Tech policy think tanks asks govt to strengthen cyber security in India Technology policy think tanks and digital freedom advocates have written to the National Security Council Secretariat urging stronger encryption requirements, improved breach disclosure norms and use of open-source software while encouraging free flow of data across borders, as part of suggestions to strengthen cyber security in India.

Last year, the government said it planned to release a new Cybersecurity Strategy to keep up with the changing nature of technologies, platforms and threats. It asked for inputs by January 10 this year, seeking to tackle challenges including data privacy, law enforcement in evolving cyberspace, access to data stored overseas, misuse of social media platforms, international cooperation on cybercrime and cyber terrorism.

Internet Freedom Foundation (IFF) said the policy should promote encryption, protect de-centralised internet, encourage robust data breach reporting mechanisms, prohibit the use of malware and reward the community of security researchers.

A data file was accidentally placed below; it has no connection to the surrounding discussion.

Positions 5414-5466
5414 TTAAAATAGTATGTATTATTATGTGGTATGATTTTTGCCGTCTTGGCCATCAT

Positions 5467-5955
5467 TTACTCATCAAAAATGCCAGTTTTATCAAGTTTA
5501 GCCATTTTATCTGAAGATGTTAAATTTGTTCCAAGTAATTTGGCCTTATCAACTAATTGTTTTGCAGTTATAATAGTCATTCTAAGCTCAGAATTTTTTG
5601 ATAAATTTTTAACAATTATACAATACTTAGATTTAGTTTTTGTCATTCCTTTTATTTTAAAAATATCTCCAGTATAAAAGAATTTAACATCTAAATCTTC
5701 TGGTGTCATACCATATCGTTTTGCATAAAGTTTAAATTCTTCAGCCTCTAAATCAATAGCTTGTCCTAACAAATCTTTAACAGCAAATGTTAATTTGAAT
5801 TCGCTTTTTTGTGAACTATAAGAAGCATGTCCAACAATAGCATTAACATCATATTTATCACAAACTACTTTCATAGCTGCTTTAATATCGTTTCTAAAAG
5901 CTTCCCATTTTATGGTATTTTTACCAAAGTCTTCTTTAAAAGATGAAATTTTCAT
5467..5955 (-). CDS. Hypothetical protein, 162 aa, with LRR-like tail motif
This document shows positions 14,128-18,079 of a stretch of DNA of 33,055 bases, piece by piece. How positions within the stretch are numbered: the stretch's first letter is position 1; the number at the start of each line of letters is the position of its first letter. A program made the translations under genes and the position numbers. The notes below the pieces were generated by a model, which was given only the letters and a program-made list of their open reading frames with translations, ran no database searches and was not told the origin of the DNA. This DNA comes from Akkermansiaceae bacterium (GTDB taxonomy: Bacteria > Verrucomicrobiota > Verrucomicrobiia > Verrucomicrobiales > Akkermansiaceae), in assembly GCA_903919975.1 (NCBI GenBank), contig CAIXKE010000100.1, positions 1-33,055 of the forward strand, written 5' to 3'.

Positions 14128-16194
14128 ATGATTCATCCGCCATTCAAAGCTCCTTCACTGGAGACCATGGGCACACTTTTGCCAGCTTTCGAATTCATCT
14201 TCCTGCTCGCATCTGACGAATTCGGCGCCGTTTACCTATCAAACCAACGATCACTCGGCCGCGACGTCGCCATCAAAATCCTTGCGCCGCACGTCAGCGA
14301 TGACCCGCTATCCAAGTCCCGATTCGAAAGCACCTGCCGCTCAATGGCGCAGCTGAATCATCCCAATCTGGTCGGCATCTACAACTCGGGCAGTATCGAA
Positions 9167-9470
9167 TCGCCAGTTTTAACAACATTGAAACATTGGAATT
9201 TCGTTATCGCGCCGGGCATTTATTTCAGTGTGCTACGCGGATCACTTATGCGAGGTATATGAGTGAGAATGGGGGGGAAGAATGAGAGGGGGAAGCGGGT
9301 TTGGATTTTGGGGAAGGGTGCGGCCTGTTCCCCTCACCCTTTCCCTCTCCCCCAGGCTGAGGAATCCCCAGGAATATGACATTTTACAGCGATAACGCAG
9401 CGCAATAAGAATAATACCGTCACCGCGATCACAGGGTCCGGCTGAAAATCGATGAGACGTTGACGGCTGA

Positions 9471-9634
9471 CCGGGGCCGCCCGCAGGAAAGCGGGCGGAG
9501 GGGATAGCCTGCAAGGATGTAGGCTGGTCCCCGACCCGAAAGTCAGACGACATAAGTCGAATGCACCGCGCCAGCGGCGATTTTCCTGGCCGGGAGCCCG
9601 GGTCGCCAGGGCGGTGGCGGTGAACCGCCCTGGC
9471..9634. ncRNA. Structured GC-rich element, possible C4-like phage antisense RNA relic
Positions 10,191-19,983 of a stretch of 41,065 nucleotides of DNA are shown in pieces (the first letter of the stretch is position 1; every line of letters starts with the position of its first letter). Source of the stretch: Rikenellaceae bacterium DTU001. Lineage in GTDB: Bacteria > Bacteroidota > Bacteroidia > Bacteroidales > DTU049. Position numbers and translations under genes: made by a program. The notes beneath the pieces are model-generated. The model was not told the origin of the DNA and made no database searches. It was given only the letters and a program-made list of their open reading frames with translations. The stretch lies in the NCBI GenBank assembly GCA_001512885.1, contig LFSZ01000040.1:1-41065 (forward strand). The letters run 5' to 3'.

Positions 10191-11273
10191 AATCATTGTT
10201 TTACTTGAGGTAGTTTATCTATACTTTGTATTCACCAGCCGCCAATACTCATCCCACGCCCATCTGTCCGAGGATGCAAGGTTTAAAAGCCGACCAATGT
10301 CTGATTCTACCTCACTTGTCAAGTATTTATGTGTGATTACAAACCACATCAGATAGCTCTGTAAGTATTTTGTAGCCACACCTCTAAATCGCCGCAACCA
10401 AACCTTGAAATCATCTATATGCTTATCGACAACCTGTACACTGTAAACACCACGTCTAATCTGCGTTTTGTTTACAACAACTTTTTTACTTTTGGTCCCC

Centre of Internet and Society (CIS) said the government must strengthen legal and technical security standards and allow for cross-border sharing of data by focusing on a solution to the Mutual Legal Assistance Treaty process.

To strengthen cyber security, the government should look at improving the processes for disclosing security vulnerabilities to the government by stakeholders, develop incentives for strong cyber security practices such as cyber insurance programmes, certifications and tax incentives, it added.

Software Freedom Law Centre (SFLC) said the government should roll out cyber security awareness programmes for all stakeholders and plan comprehensive cyber security-specific legislations. It said the government should adopt free and open-source software and open standards so that the software used is auditable and verifiable. The government should also partner with various stakeholders, including private sector entities, academia, civil society and independent security researchers, it added.

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